Living conditions for the family have gotten much worse since my visit. They have electricity four hours a day, medicine is in short supply, and they have to get all their water delivered by truck. Overall unemployment in Gaza is 27 percent, with youth unemployment at a staggering 60 percent, according to the World Bank.
That high unemployment presents the biggest problem, said one of my hosts, family member Jihad Mosalami, an English professor. "People can't survive," he told me in a phone interview.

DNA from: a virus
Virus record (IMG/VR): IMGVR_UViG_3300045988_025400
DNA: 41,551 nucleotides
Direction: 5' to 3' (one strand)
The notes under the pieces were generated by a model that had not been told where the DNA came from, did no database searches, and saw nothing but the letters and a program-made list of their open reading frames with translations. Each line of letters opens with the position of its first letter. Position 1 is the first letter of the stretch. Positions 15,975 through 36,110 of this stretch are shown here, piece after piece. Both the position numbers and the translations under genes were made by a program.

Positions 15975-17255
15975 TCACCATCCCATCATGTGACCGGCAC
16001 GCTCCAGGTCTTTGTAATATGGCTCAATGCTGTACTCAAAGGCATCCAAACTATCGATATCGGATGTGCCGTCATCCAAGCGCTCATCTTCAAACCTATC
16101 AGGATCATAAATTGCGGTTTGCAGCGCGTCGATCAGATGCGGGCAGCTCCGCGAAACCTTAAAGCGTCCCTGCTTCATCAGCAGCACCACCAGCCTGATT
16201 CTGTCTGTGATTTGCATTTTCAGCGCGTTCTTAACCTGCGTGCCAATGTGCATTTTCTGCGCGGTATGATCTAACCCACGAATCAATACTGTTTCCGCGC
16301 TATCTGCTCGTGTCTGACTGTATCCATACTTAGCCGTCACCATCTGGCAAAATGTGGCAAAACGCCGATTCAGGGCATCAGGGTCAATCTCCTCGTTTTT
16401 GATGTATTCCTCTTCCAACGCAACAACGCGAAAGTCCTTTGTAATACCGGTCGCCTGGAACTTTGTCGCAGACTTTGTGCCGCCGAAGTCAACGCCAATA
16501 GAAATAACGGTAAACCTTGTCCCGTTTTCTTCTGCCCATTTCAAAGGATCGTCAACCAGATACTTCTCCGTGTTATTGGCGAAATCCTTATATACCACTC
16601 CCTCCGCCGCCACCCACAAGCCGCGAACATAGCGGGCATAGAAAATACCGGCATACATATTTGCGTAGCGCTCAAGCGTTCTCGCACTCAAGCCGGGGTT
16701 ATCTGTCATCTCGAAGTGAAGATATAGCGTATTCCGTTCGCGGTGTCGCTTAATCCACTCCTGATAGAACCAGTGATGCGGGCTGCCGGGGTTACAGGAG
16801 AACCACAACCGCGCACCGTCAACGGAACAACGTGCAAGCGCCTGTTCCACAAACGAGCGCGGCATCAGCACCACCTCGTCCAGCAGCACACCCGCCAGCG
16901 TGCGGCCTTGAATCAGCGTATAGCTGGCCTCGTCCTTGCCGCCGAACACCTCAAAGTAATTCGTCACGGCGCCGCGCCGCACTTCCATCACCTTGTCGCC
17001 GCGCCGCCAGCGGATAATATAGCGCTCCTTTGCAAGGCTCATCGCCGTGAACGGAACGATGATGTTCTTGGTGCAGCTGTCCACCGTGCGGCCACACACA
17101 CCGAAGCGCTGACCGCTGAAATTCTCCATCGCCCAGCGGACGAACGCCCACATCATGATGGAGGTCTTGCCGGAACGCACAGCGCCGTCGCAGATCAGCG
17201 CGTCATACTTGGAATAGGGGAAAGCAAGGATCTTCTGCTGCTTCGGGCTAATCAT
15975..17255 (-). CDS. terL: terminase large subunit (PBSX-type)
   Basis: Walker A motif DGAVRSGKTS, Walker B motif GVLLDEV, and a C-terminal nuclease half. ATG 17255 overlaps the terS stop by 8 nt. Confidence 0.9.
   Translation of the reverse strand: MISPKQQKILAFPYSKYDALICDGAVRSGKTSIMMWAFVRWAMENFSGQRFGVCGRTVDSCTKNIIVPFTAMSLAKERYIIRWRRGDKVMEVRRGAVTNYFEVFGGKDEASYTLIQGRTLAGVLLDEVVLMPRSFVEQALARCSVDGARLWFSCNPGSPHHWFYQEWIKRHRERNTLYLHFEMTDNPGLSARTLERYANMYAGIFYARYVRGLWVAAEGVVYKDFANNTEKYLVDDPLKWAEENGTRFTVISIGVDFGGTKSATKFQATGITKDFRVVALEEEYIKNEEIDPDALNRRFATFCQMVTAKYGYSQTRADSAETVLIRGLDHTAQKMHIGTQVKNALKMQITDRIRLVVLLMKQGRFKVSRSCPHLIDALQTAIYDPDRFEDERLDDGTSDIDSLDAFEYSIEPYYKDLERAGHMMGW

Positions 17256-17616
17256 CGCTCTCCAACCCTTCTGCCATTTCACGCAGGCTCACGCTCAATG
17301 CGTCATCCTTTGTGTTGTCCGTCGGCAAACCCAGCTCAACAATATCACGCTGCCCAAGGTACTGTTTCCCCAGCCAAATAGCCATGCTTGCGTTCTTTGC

Many of Mosalami's students were among the tens of thousands who have gathered to demonstrate at the fence separating Gaza and Israel of the past several weeks. "A few went to the fence to throw stones," he said. "Others went to the fence to pray."
It didn't matter to Israel Defense Forces soldiers, who shot tear gas and live ammunition at the gathering Palestinians.
"It was like hell," said Mosalami.